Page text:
Apple Computer Inc. Chief Executive Officer Steve Jobs holds the new iPhone in San Francisco, California
Apple Computer Inc. Chief Executive Officer Steve Jobs holds the new iPhone in San Francisco, California January 9, 2007. Reuters

For 70 raw, revealing minutes -- a year before his comeback at Apple -- Steve Jobs was captured on tape ... wry, emotional and bitter.

The subjects: everything from early pranks with Apple co-founder Steve Wozniak, to matters of his taste in research and development, to John Sculley, the one-time protege who ousted him from the company he created.

The wide-ranging 1995 talk with Jobs led by Silicon Valley historian Robert Cringlely, edited into the film, Steve Jobs: The Lost Interview, plays Wednesday and Thursday in limited release. It's must viewing -- especially for readers of Walter Isaacson's hit biography.

Initially, the interview was for Cringely's three-part PBS TV documentary Triumph of the Nerds. Only 10 minutes of it were actually used, and the master copies were lost in shipping.

Until recently. After Jobs' October 5 death, the film's director found a VHS dub in his garage. Cringely notified impresario Mark Cuban of the find in a late-night call, and they quickly agreed on a limited release in Cuban's Landmark Theaters chain. (In Los Angeles, it's playing at the Landmark Regent in Westwood.)

A veteran of what he calls productive screaming sessions with Jobs, Cringely actually worked with him three times -- in the '70s and the early '80s, and I worked on Apple 2 and the Lisa and later on communication products.

Probing and often confrontational in the interview, Cringely talked with TheWrap about the interview, Isaacson's book and much more.

Q: I don't believe I've ever seen or heard Jobs goaded quite so much in an interview.

A: I think what was good was that we had known each other for 20 years, and my questions were fairly well informed -- and he knew that. So there were follow-ups that he had to respond to, and I think he enjoyed it. He liked being tested.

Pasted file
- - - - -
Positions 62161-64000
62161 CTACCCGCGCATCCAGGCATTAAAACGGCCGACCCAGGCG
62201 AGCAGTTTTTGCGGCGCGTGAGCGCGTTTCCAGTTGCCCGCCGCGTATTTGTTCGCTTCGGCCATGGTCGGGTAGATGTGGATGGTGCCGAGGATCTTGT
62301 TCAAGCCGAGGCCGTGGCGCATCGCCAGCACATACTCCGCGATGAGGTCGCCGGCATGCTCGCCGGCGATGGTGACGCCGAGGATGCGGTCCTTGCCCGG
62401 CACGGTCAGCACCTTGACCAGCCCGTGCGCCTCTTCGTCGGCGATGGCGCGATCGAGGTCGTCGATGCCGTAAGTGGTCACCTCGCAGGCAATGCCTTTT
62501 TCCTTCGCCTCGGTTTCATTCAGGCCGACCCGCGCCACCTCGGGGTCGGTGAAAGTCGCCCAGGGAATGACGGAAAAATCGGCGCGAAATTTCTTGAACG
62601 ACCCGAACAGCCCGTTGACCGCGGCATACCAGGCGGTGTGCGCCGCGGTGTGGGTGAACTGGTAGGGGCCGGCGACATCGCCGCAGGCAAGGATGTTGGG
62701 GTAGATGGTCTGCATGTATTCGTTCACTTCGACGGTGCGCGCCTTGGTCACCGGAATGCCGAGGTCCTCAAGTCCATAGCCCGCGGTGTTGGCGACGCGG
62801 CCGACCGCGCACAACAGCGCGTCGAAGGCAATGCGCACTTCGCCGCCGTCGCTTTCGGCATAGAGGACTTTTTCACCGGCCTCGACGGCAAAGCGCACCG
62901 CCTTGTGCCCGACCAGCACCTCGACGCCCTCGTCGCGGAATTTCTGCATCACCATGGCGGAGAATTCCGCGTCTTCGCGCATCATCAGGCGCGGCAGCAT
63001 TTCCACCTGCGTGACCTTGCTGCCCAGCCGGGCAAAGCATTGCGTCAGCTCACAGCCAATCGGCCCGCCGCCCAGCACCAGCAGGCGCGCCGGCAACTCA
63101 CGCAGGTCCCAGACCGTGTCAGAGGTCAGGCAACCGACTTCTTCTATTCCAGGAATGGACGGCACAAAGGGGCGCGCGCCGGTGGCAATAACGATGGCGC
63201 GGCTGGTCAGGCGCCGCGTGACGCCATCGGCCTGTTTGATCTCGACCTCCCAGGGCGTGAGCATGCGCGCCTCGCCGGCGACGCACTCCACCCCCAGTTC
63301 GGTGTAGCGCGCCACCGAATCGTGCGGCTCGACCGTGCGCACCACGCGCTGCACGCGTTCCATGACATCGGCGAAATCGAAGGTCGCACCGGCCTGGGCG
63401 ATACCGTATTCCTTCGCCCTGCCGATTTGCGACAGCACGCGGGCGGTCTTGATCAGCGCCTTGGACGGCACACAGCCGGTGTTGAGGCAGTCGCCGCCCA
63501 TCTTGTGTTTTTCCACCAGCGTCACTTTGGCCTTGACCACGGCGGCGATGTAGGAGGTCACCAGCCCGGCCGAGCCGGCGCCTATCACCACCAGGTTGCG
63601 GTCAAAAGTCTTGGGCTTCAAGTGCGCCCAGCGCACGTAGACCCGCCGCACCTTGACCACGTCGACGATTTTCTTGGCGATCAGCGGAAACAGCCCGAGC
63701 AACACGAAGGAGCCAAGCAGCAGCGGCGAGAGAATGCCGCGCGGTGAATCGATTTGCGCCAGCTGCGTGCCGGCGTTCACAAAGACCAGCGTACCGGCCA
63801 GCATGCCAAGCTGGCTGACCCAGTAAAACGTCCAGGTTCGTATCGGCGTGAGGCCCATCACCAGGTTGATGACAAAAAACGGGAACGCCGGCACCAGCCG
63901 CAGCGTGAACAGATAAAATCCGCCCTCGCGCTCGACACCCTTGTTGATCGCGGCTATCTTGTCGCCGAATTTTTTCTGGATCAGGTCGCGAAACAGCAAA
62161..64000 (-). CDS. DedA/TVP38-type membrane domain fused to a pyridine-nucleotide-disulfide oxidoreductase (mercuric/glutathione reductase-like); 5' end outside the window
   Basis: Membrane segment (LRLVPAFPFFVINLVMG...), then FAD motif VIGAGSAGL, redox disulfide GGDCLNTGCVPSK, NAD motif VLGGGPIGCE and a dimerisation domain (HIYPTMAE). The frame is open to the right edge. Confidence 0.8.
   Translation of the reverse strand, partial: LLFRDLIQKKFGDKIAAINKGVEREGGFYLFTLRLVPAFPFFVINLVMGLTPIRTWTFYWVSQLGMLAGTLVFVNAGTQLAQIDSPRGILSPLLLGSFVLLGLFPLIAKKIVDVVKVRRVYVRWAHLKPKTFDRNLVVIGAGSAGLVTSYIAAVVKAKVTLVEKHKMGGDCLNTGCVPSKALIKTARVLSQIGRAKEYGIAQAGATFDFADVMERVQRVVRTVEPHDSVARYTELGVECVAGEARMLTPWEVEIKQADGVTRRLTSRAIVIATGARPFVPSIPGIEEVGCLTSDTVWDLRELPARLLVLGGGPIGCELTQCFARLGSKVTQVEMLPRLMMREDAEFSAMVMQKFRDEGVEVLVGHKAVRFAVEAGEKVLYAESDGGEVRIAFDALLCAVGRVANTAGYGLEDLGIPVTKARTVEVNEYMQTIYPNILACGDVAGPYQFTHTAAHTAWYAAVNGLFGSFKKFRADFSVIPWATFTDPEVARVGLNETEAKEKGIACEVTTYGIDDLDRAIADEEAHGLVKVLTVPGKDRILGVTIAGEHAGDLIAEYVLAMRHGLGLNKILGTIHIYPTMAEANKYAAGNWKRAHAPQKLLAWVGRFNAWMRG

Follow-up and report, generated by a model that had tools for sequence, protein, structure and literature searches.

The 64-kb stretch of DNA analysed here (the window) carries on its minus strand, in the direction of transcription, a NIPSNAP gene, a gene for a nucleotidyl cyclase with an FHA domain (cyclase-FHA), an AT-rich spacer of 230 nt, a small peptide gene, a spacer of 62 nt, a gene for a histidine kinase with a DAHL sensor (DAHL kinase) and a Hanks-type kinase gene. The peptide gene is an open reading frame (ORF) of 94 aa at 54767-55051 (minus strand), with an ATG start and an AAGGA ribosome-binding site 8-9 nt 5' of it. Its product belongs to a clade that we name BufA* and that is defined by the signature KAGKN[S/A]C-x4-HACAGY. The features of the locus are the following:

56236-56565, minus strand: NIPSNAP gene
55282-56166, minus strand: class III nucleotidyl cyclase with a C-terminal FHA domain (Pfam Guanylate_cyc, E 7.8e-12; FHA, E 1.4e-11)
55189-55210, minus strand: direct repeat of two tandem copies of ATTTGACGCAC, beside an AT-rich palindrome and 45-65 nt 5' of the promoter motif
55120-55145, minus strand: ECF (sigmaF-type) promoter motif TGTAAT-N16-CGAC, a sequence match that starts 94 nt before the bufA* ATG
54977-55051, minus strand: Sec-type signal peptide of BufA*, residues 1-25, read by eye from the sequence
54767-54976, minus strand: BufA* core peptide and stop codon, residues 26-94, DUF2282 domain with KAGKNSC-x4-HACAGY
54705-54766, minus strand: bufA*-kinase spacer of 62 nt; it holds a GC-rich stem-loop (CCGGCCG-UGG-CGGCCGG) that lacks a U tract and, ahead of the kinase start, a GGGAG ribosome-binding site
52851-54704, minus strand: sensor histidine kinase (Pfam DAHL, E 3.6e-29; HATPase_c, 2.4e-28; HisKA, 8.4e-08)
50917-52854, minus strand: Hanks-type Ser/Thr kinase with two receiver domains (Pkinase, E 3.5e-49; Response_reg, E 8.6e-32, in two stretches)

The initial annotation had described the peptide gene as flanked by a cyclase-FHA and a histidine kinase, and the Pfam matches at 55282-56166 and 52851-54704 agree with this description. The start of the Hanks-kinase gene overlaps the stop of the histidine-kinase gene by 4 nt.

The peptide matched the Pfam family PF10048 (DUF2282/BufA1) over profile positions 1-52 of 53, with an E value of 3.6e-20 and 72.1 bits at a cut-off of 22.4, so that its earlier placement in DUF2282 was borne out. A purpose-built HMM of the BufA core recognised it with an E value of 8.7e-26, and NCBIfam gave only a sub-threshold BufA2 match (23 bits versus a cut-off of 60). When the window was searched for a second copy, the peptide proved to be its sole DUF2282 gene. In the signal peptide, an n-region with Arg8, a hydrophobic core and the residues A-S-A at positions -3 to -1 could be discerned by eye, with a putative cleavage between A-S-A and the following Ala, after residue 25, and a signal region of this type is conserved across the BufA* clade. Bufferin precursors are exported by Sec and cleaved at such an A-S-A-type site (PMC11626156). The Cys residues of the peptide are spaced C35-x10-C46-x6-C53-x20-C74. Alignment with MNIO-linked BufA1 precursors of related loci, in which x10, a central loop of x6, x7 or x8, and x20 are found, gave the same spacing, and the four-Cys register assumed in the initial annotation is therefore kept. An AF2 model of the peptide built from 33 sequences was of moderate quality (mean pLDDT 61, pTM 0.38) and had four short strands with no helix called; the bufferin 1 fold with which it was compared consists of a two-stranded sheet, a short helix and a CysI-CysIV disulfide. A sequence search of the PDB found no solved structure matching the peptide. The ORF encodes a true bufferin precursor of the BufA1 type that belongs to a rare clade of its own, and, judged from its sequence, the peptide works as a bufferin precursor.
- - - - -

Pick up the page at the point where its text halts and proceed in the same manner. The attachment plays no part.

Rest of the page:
Q: The back-and-forth gives a hint of how that almost brutal style worked for him.

A: What people don't understand is that Steve was not a tyrant. Weak personalities, weak employees, certainly viewed him as such, but you know my entire relationship with him was based on screaming, and if you think about that that means that I screamed at him, too. So it's doable. He could take it as well as give it, as a matter of fact I think he liked taking it. On the other hand, a lot of people got fired, too, I got fired three times by him.

Q: Has Isaacson's biography has satisfied insiders like you?

A: I've talked to Walter about it a little bit. I admire his effort and his access. But Steve chose him as an outsider. He chose someone with some gravitas and success, but someone who didn't know much, at the first.

So though they talk about they covered the tough stuff, and Walter talked to a lot of people, I think Steve got off easy. I wasn't disappointed in the book, but I didn't feel I was enlightened by it...I wish he had explored the grand plan, `cause honest to God there has to be a grand plan. That guy did a lot of random walking through technology and it all ended up going in the same direction, so what does the next 10 years look like in Steve Jobs' mind?

Q: In your interview, Jobs totes up his worth over time, and dismisses being worth $100 million before age 25. You can hear the brag.

A: It had kind of a nuance to it -- the money didn't matter to him, but he certainly kept score. He was able to rattle that off, and if money didn't matter, how did he know that? He certainly didn't display it, he didn't flaunt it. Mike Markkula went out and started buying jets, and Steve didn't. I don't think spending it was important to him -- then again, he never sold a share of Apple until the day he sold them all.

Q: You're talking about that moment when he was ousted 10 years before your interview...

A: In 1985, he resigned from Apple -- he was put in purgatory, and then he resigned, and then immediately sold all 6 million shares that he had, he was the largest single shareholder, and he sold them in a single day, drove down the price, got a terrible price for them, and his rationale was, well without me this company is going to die.

Q: Has he ever been more abusive about Sculley and what he considered the betrayal that led to Jobs' ouster?

A: Not that I've heard. He was incredibly bitter about that, and justifiably so. Sculley was a political animal who did what he learned how to do at Pepsico. So he couldn't help himself, but when he made himself the chief technical officer of Apple, that was the death knell.

Q: Jobs was canny, but what made this emotional for him was that Sculley had worked him.

A: Well, Steve is a salesman, and salesmen want to believe. And he felt that he had created Sculley -- he'd recognized him, plucked him from what he considered Silicon Valley obscurity, and made him the man he was. And it turned out he wasn't the man Steve thought he was, and the lessons he did learn were some of the wrong ones.